Regarding the Thomas Mann article – I just must get this out first – I was consumed thinking about the cataloging implications of Yugoslavia as a subject heading, particularly how that reflects on our need to maintain (some) historical subject headings so that materials cataloged that way can still be found, and researchers working in a historical vocabulary can find them without translating to a current phrase. Would changing “Yugoslavia” to “Former Yugoslavia” be technically accurate? Yes. Necessary? Nio. This is, of course, a different case than blatantly offensive subject headings, but it interested me nonetheless.
Similarly, Taylor’s address of cultural subjectivity in subject analysis, while appropriately shallow for the scope of the section, was nice to see. I realize that this course’s reading assignments are overwhelmingly influenced by the professor, but I like to see such address of subjectivity in areas many people think of as objective – and it’s in our readings every week! I’m developing a skewed view of the library world as entirely full of very active social justice crusaders, and I really like it.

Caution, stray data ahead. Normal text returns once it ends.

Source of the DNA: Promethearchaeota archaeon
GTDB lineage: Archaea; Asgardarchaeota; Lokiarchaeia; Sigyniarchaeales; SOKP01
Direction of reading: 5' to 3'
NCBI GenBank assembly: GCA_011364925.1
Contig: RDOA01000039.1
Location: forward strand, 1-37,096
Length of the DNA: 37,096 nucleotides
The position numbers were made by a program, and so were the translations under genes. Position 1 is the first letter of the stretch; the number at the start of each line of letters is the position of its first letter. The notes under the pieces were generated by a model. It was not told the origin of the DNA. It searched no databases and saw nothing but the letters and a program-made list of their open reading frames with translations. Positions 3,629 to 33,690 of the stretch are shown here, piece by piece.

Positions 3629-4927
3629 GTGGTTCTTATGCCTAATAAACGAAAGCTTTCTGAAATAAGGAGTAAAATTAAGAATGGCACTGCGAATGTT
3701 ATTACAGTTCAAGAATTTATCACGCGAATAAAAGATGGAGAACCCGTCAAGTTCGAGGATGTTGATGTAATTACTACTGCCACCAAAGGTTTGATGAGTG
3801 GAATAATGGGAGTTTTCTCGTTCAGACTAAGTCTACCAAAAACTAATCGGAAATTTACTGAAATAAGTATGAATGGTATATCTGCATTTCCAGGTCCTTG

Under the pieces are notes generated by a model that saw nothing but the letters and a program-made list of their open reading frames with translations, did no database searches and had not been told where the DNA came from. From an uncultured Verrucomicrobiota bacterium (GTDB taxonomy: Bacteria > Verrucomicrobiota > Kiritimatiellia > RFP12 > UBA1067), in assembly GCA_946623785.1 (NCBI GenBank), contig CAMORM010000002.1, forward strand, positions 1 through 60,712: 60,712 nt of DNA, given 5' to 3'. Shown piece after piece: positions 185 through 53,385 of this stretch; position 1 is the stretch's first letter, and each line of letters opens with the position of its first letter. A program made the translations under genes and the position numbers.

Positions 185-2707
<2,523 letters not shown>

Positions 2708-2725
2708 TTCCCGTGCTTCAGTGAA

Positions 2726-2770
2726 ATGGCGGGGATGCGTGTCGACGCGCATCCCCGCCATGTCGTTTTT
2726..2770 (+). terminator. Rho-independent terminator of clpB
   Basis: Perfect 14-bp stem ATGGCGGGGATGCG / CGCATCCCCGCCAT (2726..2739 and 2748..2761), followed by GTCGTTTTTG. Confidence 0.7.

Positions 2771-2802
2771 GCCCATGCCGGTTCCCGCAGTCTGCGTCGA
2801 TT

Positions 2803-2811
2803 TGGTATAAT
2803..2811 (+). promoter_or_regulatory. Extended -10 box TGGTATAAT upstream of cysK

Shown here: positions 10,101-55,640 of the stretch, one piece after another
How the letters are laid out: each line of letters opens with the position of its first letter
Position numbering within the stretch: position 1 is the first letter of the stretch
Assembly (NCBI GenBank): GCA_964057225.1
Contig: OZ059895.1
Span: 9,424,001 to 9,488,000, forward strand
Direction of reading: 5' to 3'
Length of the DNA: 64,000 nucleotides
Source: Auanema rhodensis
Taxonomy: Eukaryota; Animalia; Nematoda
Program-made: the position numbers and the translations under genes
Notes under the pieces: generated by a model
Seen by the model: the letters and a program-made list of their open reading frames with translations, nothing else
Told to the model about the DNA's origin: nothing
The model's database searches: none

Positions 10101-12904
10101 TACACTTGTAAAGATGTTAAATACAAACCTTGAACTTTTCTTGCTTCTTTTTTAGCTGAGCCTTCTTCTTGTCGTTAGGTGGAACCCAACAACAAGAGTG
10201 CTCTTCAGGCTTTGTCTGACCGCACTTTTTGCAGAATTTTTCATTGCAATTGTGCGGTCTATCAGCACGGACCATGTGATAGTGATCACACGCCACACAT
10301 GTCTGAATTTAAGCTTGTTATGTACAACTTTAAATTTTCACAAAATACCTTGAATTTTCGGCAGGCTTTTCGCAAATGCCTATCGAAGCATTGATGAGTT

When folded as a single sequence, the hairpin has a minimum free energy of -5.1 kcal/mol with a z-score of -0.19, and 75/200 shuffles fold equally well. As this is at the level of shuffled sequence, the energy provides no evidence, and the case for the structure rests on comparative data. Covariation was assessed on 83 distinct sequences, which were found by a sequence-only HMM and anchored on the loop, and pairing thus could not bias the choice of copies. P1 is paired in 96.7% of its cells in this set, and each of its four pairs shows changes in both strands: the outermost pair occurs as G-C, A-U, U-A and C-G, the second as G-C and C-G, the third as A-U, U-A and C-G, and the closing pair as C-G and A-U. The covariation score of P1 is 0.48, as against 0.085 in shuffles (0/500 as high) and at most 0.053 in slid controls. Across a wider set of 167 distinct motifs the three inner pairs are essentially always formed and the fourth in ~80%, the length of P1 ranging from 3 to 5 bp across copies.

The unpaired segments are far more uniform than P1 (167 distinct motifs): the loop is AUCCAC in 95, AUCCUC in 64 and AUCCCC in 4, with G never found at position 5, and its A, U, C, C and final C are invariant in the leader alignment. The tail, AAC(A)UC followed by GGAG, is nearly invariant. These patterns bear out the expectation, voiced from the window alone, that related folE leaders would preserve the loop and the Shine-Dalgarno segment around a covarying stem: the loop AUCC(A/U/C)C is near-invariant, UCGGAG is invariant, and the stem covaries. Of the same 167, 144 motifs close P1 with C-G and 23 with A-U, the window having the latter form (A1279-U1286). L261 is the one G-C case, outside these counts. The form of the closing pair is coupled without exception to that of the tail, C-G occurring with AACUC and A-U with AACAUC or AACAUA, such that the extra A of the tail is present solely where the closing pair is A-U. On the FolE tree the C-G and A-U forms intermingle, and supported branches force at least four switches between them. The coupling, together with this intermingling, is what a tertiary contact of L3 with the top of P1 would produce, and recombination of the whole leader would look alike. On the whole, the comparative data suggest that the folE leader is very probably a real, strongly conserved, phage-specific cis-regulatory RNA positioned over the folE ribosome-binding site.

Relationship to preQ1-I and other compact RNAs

More relevantly to the week’s topic, Taylor’s address of “aboutness” and analysis of whether there even can be objectivity resonated with me. Again, libraries are thought of as these places of all knowledge, and therefore of course cannot have any bias, but they do. I had not thought of how even looking at the audience for a book that you have (subjectively) determined the subject of can be so very subjective, and how that audience influences the subject headings.